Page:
Some TransitMiami readers have expressed a desire to see ‘mixed’ use mapped out. Well, here it is:

'Mixed' Land-Use in Miami-Dade County, Florida -- 2013. Source: Matthew Toro

‘Mixed’ Land-Use in Miami-Dade County, Florida — 2013. Source: Matthew Toro

Yes; the results are drastic. At this scale, one almost needs a magnifying glass to even locate the ‘mixed use’ sites.

Removing the street network helps a bit, but it only makes the disappointing results that much clearer.

'Mixed' Land-Use in Miami-Dade County, Florida with Streets Removed -- 2013. Source: Matthew Toro

‘Mixed’ Land-Use in Miami-Dade County, Florida with Streets Removed — 2013. Source: Matthew Toro

Mind you, I’ve kept the recent series of Miami-Dade County land-use maps at a relatively small cartographic scale to show the relatively large geographic scale area of the entire county.

You can find the related Miami-Dade land-use maps at the links below:

‘Mixed’ land-use was defined as those subsets of commercial use categories with the following descriptions:

  • “Office/Business/Hotel/Residential. Substantial components of each use present,    Treated as any combination of the mentioned uses with a hotel as part of development.”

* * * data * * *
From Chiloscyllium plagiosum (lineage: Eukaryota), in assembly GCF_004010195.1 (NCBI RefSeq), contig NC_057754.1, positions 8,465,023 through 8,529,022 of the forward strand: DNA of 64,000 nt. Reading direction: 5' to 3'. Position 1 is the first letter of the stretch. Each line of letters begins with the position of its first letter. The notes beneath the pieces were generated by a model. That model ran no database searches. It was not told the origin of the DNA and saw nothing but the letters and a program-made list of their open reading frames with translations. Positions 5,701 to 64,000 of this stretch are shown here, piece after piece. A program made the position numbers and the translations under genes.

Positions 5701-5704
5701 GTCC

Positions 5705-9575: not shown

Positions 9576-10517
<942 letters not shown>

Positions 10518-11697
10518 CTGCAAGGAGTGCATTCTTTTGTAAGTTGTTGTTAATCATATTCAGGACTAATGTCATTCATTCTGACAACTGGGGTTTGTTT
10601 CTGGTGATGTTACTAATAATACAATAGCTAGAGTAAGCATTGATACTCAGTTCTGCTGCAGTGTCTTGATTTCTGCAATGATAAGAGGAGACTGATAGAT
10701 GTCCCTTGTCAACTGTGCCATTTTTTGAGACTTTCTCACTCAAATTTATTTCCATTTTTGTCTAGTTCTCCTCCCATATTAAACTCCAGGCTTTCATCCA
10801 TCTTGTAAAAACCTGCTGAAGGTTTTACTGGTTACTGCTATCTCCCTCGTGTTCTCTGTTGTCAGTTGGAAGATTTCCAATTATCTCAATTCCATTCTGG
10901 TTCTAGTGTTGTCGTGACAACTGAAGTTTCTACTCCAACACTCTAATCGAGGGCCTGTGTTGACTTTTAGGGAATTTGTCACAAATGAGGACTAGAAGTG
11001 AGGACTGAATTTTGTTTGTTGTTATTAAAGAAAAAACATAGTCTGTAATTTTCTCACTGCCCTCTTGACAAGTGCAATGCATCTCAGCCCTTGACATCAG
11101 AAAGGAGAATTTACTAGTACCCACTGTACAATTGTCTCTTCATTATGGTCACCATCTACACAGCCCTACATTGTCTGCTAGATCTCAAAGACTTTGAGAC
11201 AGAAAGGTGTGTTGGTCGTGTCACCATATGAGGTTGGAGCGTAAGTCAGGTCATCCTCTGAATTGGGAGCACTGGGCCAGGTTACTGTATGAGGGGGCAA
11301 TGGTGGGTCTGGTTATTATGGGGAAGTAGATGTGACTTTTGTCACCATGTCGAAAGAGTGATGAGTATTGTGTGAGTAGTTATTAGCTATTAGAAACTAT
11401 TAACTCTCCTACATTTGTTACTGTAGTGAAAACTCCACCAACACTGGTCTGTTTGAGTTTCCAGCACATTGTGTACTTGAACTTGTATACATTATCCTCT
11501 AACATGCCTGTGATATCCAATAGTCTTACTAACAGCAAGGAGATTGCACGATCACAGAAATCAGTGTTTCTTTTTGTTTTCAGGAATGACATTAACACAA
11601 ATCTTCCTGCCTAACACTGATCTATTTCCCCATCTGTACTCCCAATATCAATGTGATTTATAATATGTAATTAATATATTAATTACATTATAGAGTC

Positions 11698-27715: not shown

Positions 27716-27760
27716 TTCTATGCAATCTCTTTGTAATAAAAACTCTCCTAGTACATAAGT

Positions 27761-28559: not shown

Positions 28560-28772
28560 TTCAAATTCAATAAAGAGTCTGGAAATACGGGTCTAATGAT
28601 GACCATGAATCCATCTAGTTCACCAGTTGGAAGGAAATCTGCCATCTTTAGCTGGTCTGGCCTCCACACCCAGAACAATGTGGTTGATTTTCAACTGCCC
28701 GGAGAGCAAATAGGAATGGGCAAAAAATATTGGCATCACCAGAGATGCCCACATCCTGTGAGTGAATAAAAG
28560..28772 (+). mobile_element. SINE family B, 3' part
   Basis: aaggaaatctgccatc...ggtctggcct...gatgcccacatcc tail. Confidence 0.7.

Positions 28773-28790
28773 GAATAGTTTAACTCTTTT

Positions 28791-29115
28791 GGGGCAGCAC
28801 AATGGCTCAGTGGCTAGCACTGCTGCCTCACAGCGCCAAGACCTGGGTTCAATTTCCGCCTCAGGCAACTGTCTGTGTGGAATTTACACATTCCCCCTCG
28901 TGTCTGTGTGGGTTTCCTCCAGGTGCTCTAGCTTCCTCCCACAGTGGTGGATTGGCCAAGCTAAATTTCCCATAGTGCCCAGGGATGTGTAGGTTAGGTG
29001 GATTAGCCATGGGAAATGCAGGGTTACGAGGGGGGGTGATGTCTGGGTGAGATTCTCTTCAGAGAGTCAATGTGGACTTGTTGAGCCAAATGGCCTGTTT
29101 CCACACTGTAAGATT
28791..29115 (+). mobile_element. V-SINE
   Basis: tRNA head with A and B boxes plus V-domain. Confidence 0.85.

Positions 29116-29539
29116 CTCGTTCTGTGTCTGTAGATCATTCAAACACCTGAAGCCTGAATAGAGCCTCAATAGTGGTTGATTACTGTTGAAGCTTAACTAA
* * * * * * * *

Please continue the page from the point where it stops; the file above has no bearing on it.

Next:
• “Office and/or Business and other services (ground level) / Residential (upper levels). Low-density < 15 dwellings per acre or 4 floors.”
  • “Residential predominantly (condominium/ rental apartments with lower floors Office and/or Retail.  High density > 15 dwelling units per ac, multi-story buildings  (Generally more than 5 stories).”

Now, one must consider the difference between ‘mixed’ land-use, and the general land-use mix of an area. The latter concept can also be referred to as the diversity of land-use in a given area.

So, while there is obviously very little ‘mixed’ use throughout Miami-Dade County, there are significant areas where there is a healthy land-use mix, or diversity of land-uses.

One must also consider the difference between use and zoning, or the difference between the current economic function of the land versus the future or intended purpose of the land.

We’ll get into these issues later . . .

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3 Responses to ‘Mixed’ Land-Use in Miami-Dade

  1. Stuart says:

    Great and troubling visualization. Thank you! I wonder how this compares to other metro areas…

       0 likes

  2. Adam Old says:

    Are these the current uses or how things are zoned. I think with Miami21 there are a lot more possible mixed-use areas in the city.

       0 likes

  3. Matthew Toro says:

    This is current land-use, not zoning.

       0 likes

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